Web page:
Also does this only apply to new students (like the tuition fee rise several years back) or does it apply to all regardless of what year of study they are in?
    Thanks for the help :)

  31. RIVERS10

    The reports I have read say new students.

    Like the Child Tax Credit limitation, which doesn’t apply to existing claimants.

  32. GRAHAM

    Your posts continue to be very partisan which is actually against the rules of the site as i’m sure you know.

    As I said I look forward with interest to see what the voters think in Sundays YouGov.

  33. Good evening all and its quite cold in East Ren.

    The living wage is unraveling even before the ink has dried. Small business will lay off staff when it is introduced and thousands of workers will actually be worse off. That’s what the experts are now saying.

    I’m all for the living wage and it’s long over due but for every person who gains, one will probably be laid off. The removal of working tax credit should be phased out over a longer period to give the industry time to adjust to the changes.

    The company I work is based in Glasgow and employs 160 people with another office down in Leatherhead employing a further 30.
    The living wage wont effect any of our staff because we are all salaried and very rarely do over our contracted hours which means dividing my salary by my contracted hours = substantially more than the living wage.

    However!! I had a very interesting discussion with one of the cleaners (supervisor) who we employ as outside contractors to keep our offices nice and gleaming and he says when the new living wage comes in some of his staff will be better off then him.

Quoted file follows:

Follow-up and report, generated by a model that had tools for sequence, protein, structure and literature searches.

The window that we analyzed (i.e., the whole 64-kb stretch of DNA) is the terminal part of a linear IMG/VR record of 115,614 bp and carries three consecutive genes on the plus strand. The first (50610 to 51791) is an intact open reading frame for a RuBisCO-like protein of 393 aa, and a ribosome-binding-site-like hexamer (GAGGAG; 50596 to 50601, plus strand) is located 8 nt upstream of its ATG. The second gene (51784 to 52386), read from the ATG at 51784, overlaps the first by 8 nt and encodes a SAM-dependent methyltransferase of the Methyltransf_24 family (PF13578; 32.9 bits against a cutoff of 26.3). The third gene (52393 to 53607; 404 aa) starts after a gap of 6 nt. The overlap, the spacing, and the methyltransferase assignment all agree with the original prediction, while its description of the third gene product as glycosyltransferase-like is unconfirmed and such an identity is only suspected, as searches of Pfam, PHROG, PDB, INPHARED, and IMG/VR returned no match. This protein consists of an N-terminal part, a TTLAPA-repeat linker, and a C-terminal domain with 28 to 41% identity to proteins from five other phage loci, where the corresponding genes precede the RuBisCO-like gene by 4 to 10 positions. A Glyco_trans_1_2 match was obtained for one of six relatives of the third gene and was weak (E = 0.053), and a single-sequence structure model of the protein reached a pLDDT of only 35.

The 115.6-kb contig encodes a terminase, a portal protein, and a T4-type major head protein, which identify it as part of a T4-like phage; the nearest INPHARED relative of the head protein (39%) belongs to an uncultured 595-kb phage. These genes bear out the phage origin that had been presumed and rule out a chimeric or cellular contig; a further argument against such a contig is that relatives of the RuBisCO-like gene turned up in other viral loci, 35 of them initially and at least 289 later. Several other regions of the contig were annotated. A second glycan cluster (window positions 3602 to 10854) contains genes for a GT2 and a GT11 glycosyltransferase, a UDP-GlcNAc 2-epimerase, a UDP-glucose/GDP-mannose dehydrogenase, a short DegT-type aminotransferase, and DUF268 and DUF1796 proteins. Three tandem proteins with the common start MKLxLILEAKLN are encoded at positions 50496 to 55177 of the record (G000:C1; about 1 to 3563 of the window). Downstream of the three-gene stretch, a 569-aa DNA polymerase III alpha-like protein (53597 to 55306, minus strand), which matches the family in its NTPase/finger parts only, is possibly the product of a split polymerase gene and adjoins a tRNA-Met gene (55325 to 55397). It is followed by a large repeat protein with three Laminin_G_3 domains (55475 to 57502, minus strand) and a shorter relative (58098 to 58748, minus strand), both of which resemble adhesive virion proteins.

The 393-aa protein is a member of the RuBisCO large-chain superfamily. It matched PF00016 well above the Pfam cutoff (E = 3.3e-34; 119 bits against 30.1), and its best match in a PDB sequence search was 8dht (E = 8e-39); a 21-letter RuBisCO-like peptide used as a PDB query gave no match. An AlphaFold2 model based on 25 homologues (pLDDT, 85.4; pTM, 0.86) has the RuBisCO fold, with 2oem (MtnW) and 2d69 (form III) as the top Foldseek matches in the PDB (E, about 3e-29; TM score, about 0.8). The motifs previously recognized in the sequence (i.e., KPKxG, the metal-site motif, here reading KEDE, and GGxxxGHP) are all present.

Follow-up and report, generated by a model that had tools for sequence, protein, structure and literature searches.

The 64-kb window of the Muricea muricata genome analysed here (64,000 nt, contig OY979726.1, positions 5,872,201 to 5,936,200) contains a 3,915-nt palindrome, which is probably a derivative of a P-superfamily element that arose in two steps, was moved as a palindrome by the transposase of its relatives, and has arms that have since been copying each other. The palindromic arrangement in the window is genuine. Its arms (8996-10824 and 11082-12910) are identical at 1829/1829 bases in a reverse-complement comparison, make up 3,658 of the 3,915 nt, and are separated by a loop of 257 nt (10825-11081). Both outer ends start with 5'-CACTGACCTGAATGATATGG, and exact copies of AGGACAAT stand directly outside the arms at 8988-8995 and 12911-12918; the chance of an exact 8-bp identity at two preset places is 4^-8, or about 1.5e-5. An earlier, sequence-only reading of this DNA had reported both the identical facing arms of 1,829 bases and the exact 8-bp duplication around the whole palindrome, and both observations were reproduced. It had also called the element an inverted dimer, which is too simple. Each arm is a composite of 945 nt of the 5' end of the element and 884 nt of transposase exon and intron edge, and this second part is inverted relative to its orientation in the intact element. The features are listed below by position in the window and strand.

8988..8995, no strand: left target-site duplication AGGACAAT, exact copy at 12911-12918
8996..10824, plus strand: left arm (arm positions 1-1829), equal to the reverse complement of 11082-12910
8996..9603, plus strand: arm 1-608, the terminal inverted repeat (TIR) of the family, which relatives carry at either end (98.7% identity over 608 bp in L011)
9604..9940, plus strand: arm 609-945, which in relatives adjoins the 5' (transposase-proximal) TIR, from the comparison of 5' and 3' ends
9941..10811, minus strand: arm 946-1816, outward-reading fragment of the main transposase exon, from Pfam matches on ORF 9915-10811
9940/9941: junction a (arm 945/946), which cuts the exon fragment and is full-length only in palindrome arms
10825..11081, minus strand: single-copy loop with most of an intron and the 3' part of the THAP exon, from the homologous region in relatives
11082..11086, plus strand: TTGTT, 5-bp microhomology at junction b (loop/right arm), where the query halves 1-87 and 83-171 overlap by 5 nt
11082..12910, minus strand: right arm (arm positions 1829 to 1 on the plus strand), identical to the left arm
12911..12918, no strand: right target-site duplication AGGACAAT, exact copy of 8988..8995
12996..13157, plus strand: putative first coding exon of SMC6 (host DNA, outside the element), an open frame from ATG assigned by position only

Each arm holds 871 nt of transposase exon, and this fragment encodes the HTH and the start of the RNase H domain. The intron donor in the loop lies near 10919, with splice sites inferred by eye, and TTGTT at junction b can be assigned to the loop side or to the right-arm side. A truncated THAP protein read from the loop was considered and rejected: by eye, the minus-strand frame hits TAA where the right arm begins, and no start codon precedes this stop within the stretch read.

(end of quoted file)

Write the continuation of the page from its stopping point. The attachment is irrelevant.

He is on a salary and does not get paid for overtime which in his contract says.. “work hours that are required”. So much emphasis is put on the paid per hour living wage yet ignores people who are on low salaried pay structures and don’t get over time.

    It would had been better regardless if you are paid per hour or on a salary if the Tories had come out and said whatever hours you work per week must meet or succeed the living wage.

    Opportunity missed!!


    “As I said I look forward with interest to see what the voters think in Sundays YouGov”

    The irony is the polls will probably show a boost in the Tory VI despite many low wage earners being worse off. Most people in the UK are probably getting better off each year but the wealth gap is fracturing into many different theaters.

    The poor plunging into the abyss. Low earners taking a dip in earnings. Working class living a existence, middle class marginally getting better off and the rest rejoicing.

  35. Allan Christie

    We obviously totally disagree, and if I see a lot of support from voters in Sundays YouGov I will not consider it in the least ironic.

    GO and IDS are trying to move the mass of the population away from welfare dependancy to a position where they can better themselves through their own efforts. I totally support this and like IDS I regard it as a moral crusade.


    I think we all want to see people support themselves but unfortunately we do need people on low wages so the rest of us can depend on services we take for granted.

    Unfortunately they don’t appear to be benefiting from Ozzy’s little red briefcase.

  37. Somerjohn

    Greece’s Govt expenditure has come down by 25-30% in money terms over the past 5 years. They have cut far harder than anyone else in the EU

    See the figures on P38 here.

    And THEN take into account that these figures are Govt expenditure as a percentage of GDP. And Greece’s GDP has dropped by over 20% since 2009!

    Greece has made quite breathtaking cutbacks. That is a story you never hear.

  38. Colin

    “New students”

    Those’ll be “our children one whose shoulders it would be immoral to place the burden of the older generation’s debt” then, eh?

  39. LEFTY

    Only just seen your post.

    Point taken-I didn’t understand this one.

    Of course, poorer graduates will never pay it-and most graduates will not pay it all.

    But as you say-its more debt.